By Christopher J. Fettweis
Best Defense guest columnist
has to shoulder some of the blame for this crisis.
A consistent theme of President Obama's critics has been that
perceptions of U.S. weakness brought this crisis on. A variety of analysts have
agreed with former Vice President Cheney's assertion that there is "no question" that Putin believes
Obama is weak, and that weakness encouraged Russian aggression. This criticism,
which comes mostly but not exclusively from the most hawkish voices in the
marketplace of ideas (Charles Krauthammer, Bill Kristol, John McCain), also suggests that resolve and strength
could somehow have deterred this action in the first place.
Another form of this criticism comes from the other end of the
spectrum, from political realists, who have asserted that NATO expansion, the
deployment of missile-defense systems in Eastern Europe, and other misguided
U.S. policies in the 1990s and 2000s led to a deterioration of bilateral
relations and ultimately to the current situation. Eighty percent of the
Russian people had a positive view of the United States in 1991, former
Ambassador Jack Matlock pointed out, but that number had
dropped to 20 percent by 1999 (other events, like the utter collapse of their
economy, apparently had nothing to do with this). Unwise policy choices by the
United States, therefore, are the root cause of this crisis.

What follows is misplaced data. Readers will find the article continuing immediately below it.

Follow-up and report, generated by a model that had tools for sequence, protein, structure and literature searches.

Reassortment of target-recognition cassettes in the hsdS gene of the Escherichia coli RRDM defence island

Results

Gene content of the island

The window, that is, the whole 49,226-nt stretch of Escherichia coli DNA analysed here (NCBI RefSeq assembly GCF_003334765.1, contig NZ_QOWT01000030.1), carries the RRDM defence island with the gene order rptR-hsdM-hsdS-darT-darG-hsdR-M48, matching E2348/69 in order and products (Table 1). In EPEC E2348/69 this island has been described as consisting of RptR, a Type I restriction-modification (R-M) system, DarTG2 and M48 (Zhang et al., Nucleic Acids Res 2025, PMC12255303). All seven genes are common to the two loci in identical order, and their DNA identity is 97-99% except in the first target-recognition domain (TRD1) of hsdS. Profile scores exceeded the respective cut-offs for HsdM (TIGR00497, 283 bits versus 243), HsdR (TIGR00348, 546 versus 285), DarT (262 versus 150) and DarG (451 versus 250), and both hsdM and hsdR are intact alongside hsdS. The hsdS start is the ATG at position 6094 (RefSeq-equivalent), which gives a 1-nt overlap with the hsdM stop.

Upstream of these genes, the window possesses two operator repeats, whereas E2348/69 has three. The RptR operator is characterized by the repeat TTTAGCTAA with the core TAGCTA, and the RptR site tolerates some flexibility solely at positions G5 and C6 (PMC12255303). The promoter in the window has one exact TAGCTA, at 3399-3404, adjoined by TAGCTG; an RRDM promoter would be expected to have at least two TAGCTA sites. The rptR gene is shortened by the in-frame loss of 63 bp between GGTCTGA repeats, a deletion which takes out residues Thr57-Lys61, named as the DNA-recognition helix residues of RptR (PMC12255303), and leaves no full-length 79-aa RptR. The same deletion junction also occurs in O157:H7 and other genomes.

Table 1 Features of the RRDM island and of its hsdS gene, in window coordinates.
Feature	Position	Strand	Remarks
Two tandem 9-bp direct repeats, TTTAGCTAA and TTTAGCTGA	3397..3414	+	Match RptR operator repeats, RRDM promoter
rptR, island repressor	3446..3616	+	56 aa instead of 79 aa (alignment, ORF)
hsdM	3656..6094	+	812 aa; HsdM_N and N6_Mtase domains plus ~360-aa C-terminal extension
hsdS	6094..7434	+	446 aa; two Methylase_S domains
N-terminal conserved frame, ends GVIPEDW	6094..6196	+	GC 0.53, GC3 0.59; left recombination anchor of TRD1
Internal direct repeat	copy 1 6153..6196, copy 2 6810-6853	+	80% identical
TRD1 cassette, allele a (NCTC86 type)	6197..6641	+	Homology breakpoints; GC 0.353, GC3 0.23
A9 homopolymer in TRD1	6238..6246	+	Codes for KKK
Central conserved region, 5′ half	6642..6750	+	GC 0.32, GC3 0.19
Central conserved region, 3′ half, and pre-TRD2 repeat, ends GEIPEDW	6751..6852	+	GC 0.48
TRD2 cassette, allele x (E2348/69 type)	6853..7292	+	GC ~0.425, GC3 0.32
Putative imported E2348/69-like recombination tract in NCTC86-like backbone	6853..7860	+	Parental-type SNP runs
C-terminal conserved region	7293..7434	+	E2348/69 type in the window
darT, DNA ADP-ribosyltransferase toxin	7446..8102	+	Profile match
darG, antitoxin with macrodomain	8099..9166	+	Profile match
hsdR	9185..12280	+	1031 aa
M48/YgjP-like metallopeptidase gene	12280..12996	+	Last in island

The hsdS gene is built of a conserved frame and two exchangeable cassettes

Both sides overestimate the role Washington has played in Putin's
calculations. One of the most basic observations from political psychology is
what is called centrality, or the belief that we are central to their calculations. The natural
human tendency to put ourselves in the center of their universe prevents real,
deep appreciation of their motivations, whoever they are. While it is certainly
true that Putin takes Washington into consideration before acting, it is not at
all clear that U.S. actions are the primary drivers of his decisions. In fact,
it is almost certain that we overestimate our importance. No matter what the
United States had done in the 1990s, or how it responded to this crisis as it
began, events probably would have unfolded in roughly the same way.
That also means, unfortunately, that we might not have as much
influence on how it ultimately ends, either.
(And more to come.)
Christopher J. Fettweis is associate
professor of political science at Tulane University in New Orleans. The
thoughts in this essay are extensions of his latest book, The Pathologies of Power: Fear,
Honor, Glory and Hubris in U.S. Foreign Policy.